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The Galway Review – in Print!

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By Uinseann Mac Thómais

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Two former MA in Writing students from the National University of Ireland, Galway, Ndrek Gjini and Máire Holmes spent hours and hours talking about literature and the vibrant literary scene in Galway, and they came out with the idea of creating a literary magazine akin to many big cities. They shared this idea with the director of their MA course programme, Prof. Adrian Frazier, he loved the idea and since then things have started to move.

Paris has one. London has one. Dublin has its own, so why not Galway?  These were the thoughts that filtered through their heads as they contemplated setting up www.thegalwayreview.com. While on a work period as Arts Office Assistant in the Galway City Council, Ndrek Gjini, got  more encouragement on this project by The Galway City’s Arts Officer James Harrold.

The nine month incubation period in the Arts Office certainly caught the mood in Galway’s literary circles and indeed further afield. “We have had quite a staggering response with in excess of 24000 hits in 8 weeks, over 250 subscribers who sent us poetry, prose, short stories and reflections that echo the writing talent in the city and county” said the Galway Review’s managing editor, Ndrek Gjini, originally from Albania and now a full Irish citizen.

Such is the success of the web edition that Gjini has formed a partnership with retired civil servant Uinseann Mac Thómais, with a view to getting a printed edition on the streets to raise money for the Galway Hospice and to invest in future Galway Review projects.
“Collaborations are the spirit of a digital age and encouraged by the contributions of Galway’s writers who provided content for the first edition gratis, we feel the idea of a printed review might be sustainable. We won’t know until we try! “ said Mac Thómais, who is acting General Administrator to the project.

Starting a printed soft-back book-form magazine in a recession and when technology is challenging printed media is a major undertaking. The first print run will be on the streets of Galway around the 20th March distributed through various outlets in the city.  Advance orders of a digital version and the printed version can be obtained through the website www.thegalwayreview.com  and orders, in anticipation of another literary milestone for Galway are trickling in.

Galway’s Education Centre has seen the potential for the review and has offered start-up assistance to the project itself. Galway’s top writers from poetry, prose, and journalism feature in the Review and there are contributors in Irish and English.  Guest editor Máire Holmes, herself a poet, acknowledges the contributions on fellow notable Galway writers that include Fred Johnston, Ronnie O’ Gorman, Des Kenny, Adrian Frazier and many others. “I am happy to say that our notable Galway contributors are too numerous to mention, you will need to get a copy to see for yourself” says Holmes.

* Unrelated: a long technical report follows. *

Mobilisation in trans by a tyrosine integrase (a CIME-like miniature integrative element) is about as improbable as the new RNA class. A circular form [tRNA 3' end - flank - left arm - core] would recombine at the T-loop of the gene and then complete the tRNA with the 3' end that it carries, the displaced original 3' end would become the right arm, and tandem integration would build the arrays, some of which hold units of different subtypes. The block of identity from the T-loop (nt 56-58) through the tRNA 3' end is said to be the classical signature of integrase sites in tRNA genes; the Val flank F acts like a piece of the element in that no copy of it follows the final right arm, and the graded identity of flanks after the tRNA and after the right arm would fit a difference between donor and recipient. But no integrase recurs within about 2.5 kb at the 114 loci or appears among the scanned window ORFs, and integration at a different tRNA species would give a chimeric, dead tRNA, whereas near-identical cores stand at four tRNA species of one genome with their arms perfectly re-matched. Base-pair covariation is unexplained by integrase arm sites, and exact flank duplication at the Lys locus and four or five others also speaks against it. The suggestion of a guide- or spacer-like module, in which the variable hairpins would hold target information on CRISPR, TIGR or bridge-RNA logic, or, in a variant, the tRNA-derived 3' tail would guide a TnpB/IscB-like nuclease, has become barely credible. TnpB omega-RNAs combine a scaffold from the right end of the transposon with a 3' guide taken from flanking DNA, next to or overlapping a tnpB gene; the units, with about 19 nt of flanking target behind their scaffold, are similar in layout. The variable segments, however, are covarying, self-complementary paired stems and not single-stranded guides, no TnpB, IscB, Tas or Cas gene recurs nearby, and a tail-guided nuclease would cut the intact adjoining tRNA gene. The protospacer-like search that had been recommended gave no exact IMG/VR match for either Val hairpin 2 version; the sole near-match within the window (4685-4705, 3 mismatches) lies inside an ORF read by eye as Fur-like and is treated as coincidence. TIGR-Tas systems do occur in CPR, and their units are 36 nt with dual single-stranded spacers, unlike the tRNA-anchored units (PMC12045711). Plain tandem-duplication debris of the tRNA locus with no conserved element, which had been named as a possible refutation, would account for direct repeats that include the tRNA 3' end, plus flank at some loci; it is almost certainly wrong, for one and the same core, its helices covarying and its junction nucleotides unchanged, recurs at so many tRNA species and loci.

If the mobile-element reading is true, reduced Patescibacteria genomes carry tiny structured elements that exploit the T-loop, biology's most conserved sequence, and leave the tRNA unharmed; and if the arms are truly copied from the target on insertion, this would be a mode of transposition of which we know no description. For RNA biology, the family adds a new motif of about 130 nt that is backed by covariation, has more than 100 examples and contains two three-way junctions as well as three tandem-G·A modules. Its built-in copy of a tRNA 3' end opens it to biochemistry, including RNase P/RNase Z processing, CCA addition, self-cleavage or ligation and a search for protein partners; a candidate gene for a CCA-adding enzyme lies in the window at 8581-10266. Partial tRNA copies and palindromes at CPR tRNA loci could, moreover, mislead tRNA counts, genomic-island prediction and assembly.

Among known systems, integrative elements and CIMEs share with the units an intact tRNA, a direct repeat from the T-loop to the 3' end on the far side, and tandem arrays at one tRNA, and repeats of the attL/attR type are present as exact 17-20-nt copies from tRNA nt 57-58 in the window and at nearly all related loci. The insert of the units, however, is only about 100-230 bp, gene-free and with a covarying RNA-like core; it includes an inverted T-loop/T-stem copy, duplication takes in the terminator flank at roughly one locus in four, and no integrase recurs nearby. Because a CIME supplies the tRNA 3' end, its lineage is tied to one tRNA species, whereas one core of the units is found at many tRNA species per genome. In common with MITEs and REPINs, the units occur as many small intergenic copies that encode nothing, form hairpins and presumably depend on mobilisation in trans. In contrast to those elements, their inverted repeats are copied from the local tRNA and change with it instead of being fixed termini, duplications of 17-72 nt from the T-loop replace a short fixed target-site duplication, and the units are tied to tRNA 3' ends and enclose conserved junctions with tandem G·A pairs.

In keeping with the digital era the The Galway Review will be sold in digital form as well as the limited printed edition.  “Galway Hospice, who very kindly are lending their name also to the project will benefit proportionally if the sales are good.  We will be selling the 165 page review for a concessionary price of €12 on March 20th, a standard price of €15, and a digital pdf format price of €3 for the first edition” says Mac Thómais. Advance orders can be made by registering your details at  http://www.surveymonkey.com/s/advancedordersGR

There is an international element to the production also. The website acts as a magnet for Galway’s diaspora and  readers and contributors from far-flung places in the world have been making an impact also. Contributions have come from the United States and Canada in particular.  “I suppose it’s one way for people to keep in touch with what is going on at home and the flexibility of the internet allows people to interact and contribute too. If we can maintain the dynamic, it augurs well for Galway and its writers.” added Mac Thómais.

At present the Galway Review is a collective of interested writers and is currently being run on an informal and voluntary basis. An inaugural meeting will be held in an Taibhdhearc Theatre, Galway on March 20th next to examine issues of structure and finance that would  allow the Galway Review to continue on a more sustainable footing. The agenda of the meeting will discuss issues of sustainability for the Galway Review and include the topics of an editorial board, finance, and general governance issues. “ A good meeting will give us a solid base from which to work and we are looking for good inputs from our invited audience of writers and other volunteers” explained Mac Thómais.

A Westport based printing company www.printforu.net has offered its services too at a very competitive rate to help get the fledgling Galway Review get up on its feet.  Owner Darren Killeen has put faith in the Galway initiative.  “Printforu is delighted to be able to support this start-up and to provide our service for the printed edition. I would like to wish the originators every good fortune with the venture and I sincerely hope that this will be the first of many editions.” he said.

All going to plan the Galway Review will  have a mini-launching in An Taibhdhearc next week and its official launch will take place during the Cúirt Festival that will be in Galway from the 23rd – 28th of April next.

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